Presenters Ben Sandel and Todd Wallace gave us a fascinating overview of co-op social and economic history beginning with the Rochdale co-op in 1840’s England. Check out this video for a fun little history of the “Rochdale Pioneers.” And did you know that in the 1930’s the Consumer Cooperative Trading Company in Gary, Indiana ran several African-American owned businesses, including a filling station, a credit union and an ice cream and candy store that taught children about small business and economics?
We covered roles and responsibilities of Board members, including the fiduciary role Board members hold – we are responsible for protecting the best interests of co-op Owners as a group. There was a terrific presentation about “policy governance,” which is a model that sets up how the Board can interact effectively with a General Manager. Chicago Market’s Board has agreed to adopt this model but have not begun the work yet of writing the policies that we’ll need, so this education and discussion with fellow co-ops was very valuable.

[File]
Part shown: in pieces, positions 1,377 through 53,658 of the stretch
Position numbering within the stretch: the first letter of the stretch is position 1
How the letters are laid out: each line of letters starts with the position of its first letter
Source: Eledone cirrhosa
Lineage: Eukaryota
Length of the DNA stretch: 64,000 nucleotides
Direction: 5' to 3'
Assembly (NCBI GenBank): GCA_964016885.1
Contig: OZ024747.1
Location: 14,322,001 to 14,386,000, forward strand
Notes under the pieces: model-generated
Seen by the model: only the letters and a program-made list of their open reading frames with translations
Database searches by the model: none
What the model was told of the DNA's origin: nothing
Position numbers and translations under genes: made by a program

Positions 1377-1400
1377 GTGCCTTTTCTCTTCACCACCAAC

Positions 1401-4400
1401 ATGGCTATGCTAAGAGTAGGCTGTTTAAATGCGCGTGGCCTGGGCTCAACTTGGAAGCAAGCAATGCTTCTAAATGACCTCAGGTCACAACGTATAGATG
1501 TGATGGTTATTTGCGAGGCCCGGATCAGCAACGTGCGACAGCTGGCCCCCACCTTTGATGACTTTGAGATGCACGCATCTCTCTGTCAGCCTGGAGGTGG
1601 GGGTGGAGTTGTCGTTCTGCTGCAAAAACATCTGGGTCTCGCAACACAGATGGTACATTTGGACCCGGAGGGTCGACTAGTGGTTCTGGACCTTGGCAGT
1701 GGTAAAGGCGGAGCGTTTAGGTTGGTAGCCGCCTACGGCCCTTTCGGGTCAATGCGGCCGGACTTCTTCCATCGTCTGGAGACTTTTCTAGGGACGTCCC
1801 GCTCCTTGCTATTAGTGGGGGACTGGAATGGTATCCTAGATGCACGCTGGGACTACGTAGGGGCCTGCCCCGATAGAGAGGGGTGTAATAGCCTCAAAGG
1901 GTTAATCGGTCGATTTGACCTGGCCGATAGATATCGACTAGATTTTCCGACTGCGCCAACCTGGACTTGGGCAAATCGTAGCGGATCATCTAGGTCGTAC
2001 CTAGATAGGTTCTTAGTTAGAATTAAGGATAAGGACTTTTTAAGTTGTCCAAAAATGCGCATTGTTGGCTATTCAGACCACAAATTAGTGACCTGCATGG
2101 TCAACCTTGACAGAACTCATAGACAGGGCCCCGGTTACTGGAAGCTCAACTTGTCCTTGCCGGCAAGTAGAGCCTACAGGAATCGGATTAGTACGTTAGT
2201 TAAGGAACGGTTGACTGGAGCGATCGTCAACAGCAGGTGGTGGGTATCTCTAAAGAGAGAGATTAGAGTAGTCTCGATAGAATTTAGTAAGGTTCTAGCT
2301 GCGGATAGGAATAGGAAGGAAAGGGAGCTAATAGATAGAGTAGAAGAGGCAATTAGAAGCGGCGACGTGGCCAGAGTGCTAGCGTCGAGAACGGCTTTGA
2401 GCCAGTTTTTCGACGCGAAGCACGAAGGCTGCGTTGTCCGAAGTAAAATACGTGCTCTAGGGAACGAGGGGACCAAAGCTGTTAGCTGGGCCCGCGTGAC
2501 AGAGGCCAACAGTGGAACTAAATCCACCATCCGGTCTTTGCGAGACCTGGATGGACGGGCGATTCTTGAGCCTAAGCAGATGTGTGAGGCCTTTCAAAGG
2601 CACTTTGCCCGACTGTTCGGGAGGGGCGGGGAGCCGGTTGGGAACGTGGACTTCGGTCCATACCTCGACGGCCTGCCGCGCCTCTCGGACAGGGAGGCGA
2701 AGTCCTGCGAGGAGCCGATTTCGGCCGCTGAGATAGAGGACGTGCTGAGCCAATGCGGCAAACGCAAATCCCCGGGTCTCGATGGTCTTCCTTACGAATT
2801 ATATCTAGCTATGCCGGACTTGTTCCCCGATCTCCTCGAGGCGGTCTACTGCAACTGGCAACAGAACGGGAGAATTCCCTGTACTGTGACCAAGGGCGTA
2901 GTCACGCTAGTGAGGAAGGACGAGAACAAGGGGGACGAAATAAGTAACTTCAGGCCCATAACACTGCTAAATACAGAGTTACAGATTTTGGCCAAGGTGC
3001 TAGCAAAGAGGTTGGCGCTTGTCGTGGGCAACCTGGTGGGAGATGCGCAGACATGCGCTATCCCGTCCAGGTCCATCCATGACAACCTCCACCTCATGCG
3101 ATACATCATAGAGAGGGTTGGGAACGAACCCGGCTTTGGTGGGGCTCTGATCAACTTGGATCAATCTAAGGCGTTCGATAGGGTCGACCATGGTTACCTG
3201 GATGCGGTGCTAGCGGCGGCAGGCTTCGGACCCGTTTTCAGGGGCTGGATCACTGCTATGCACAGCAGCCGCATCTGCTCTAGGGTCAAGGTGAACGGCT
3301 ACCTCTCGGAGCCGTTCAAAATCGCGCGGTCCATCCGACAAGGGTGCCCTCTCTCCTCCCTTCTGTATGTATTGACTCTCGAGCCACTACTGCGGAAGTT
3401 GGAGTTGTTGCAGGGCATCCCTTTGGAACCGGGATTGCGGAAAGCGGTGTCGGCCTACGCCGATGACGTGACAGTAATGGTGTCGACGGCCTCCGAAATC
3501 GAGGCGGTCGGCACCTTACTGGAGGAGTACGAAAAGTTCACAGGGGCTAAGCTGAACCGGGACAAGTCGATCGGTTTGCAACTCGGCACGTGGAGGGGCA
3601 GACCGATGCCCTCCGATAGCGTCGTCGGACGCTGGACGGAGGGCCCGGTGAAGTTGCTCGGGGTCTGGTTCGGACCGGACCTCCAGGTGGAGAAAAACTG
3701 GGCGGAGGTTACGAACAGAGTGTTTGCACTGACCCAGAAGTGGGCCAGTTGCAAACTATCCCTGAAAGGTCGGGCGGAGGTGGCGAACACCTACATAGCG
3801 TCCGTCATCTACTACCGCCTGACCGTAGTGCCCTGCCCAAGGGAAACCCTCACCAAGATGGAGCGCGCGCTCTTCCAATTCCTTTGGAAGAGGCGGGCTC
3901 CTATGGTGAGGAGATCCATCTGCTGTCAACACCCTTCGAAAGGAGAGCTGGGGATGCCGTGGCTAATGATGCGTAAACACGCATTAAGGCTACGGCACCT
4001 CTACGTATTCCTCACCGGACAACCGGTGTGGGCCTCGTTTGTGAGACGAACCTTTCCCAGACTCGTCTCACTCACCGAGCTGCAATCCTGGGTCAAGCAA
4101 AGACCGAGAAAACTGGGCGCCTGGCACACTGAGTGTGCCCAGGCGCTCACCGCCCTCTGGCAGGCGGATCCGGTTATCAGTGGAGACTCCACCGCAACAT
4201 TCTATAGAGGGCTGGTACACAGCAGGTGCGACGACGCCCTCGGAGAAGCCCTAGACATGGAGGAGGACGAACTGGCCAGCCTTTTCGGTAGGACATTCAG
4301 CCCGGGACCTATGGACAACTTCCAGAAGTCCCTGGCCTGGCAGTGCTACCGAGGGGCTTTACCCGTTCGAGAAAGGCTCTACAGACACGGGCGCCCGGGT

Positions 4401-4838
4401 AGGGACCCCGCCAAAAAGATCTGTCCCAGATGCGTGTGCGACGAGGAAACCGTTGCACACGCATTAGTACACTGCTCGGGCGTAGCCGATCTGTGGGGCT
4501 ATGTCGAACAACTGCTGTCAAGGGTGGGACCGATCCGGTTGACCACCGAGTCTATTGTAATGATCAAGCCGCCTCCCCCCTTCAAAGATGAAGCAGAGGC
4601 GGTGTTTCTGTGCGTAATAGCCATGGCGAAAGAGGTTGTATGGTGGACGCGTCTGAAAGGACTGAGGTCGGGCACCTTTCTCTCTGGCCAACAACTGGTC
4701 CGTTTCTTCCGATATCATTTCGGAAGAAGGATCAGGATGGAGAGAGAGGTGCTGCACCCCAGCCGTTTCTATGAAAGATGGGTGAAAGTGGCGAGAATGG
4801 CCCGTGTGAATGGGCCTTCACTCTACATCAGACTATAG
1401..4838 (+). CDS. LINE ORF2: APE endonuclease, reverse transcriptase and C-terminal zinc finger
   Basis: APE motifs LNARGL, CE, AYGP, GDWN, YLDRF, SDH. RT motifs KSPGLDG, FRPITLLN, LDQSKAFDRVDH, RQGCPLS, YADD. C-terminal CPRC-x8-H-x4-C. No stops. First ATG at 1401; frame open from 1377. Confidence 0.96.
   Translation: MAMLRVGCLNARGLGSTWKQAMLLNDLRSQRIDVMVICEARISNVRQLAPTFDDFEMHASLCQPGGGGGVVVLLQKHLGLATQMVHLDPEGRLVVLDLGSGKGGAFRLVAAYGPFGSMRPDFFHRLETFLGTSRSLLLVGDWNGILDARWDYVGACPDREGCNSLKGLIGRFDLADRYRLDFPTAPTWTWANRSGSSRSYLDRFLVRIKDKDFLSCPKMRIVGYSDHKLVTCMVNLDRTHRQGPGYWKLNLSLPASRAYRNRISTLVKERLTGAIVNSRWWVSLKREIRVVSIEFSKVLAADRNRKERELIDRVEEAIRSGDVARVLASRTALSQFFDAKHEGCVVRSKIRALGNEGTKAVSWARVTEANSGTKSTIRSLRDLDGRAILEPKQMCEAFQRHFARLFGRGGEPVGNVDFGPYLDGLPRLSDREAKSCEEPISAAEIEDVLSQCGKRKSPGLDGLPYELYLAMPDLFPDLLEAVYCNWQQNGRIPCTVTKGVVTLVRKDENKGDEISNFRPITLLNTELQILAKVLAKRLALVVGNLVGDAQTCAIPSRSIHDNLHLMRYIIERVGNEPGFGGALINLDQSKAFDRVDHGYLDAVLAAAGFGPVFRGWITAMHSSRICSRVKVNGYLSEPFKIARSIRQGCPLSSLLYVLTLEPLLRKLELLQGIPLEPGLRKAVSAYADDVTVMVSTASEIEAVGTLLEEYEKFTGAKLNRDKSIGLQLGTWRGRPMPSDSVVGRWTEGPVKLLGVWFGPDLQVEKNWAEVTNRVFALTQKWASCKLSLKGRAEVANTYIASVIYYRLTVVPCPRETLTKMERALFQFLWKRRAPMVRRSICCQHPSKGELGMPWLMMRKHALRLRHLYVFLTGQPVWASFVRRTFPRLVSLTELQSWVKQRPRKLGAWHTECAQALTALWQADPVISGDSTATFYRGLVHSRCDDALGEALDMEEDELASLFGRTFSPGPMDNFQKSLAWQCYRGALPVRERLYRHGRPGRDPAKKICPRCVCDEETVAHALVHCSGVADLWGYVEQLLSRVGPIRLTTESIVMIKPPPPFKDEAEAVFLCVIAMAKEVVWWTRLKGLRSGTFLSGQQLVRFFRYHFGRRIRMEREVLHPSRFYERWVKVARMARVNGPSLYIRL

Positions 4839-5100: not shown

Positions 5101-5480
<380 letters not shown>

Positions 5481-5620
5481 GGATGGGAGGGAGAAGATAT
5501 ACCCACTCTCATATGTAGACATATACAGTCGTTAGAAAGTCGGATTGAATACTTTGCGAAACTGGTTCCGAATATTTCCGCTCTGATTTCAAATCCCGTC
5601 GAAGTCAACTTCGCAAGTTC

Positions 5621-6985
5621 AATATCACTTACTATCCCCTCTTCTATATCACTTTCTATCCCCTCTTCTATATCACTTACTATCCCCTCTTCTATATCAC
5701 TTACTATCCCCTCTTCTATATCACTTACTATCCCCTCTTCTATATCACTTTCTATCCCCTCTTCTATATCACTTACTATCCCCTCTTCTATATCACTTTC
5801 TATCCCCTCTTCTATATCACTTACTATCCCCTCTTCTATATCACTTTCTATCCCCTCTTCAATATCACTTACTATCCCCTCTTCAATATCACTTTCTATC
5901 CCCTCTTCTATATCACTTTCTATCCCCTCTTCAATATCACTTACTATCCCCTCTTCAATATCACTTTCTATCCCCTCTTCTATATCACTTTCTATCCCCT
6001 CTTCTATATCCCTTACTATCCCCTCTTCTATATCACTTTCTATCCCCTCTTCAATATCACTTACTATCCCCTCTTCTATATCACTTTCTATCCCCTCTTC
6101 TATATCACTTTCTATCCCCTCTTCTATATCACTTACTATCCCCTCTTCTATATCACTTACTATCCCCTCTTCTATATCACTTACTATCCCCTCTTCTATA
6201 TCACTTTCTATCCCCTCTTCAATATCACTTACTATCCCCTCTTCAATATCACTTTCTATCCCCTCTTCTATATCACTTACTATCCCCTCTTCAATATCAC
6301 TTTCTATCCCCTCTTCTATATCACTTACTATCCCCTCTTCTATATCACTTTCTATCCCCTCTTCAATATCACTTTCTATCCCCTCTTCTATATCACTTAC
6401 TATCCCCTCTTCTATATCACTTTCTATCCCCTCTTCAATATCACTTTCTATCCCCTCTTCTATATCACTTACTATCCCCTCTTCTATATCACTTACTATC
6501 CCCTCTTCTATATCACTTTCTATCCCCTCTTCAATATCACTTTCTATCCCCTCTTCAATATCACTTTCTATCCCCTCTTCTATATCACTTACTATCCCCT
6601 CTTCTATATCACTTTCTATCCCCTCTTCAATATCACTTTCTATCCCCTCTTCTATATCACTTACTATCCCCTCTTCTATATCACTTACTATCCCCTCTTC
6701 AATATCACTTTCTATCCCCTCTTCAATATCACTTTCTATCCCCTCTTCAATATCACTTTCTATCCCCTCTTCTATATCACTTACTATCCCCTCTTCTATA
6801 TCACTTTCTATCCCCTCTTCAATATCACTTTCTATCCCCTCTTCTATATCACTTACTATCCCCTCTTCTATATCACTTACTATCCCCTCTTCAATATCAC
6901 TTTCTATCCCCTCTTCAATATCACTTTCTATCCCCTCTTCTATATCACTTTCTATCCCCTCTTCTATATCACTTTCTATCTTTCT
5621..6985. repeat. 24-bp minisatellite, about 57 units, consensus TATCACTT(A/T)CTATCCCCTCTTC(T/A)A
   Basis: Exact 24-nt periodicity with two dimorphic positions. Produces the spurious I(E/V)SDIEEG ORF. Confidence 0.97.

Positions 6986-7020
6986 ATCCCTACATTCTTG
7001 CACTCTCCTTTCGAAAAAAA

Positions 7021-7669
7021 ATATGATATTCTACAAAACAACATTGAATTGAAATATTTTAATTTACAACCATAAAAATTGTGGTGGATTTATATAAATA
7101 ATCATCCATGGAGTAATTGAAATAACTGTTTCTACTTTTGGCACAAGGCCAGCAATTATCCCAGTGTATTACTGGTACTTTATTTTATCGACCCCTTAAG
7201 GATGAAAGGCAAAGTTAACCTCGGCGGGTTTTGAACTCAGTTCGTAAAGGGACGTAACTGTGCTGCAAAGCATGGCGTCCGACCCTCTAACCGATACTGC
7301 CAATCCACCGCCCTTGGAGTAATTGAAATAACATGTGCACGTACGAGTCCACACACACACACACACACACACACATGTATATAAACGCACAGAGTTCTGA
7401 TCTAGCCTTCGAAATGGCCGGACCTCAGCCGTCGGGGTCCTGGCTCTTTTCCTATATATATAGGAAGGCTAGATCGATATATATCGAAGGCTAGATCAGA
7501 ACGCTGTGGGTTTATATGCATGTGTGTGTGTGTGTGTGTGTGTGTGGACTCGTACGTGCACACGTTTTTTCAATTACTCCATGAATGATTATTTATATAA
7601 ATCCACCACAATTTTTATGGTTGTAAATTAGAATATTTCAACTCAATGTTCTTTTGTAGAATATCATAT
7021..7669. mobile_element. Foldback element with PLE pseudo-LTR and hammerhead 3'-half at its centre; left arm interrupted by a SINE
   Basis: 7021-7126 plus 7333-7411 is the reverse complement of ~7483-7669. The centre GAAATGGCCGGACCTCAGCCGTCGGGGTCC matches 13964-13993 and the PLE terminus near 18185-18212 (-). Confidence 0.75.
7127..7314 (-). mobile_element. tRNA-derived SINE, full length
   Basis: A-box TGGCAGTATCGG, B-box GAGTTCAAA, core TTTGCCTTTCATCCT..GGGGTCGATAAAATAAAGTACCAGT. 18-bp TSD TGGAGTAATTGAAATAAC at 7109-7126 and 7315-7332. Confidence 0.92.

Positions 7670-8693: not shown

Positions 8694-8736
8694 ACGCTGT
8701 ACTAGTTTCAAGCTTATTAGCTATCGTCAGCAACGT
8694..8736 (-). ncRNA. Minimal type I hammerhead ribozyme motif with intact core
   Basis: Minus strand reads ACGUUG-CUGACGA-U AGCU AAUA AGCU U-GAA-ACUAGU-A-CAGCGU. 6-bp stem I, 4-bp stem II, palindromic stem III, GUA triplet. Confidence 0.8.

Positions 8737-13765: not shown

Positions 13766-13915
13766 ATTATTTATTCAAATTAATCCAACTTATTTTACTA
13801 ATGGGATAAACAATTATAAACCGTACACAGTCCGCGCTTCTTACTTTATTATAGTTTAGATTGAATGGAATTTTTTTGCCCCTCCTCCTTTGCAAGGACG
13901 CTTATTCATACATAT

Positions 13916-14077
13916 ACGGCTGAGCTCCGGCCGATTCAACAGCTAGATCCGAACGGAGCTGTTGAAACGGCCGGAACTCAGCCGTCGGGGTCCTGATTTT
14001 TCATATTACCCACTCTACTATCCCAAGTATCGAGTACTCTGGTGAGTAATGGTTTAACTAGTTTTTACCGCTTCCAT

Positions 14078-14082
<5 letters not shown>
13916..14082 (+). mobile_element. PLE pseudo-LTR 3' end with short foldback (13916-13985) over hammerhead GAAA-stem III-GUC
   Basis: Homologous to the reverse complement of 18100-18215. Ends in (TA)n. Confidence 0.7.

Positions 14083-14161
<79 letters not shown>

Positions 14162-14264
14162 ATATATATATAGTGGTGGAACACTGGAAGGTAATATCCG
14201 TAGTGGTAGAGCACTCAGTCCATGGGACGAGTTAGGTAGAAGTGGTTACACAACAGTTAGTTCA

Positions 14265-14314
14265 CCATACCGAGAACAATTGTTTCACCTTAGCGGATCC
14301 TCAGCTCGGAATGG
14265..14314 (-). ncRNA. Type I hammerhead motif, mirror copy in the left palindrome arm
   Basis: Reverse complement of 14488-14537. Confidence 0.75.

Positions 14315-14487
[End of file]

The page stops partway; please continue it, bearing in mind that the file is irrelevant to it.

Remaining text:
The last topic of the day was finances – teaching those “non-accountant type” Board members in the room how to look at financial statements and understand the basics. We even graphed sample balance sheets out with LEGO blocks – sounds silly but hey, some of us are visual learners!
Our favorite quote of the day came from Ally Young of The Dill Pickle co-op, when we were talking about how to talk about the benefits of co-ops for our communities: “I like to talk about co-ops being a part of a regenerative rather than an extractive economy.”
Illinois Startup Day
A week later I was in Champaign-Urbana for FCI’s 4th Annual Illinois Startup Day. FCI is also a co-op that provides information, training, technical assistance and seed capital to startups. Jacqueline Hannah, a long-time friend of Chicago Market and former GM at Common Ground Co-op in Urbana now works with FCI and she programmed a terrific day of teaching, expert outside speakers, and workshops in which folks from other Illinois startups shared recent successes and what they’ve learned.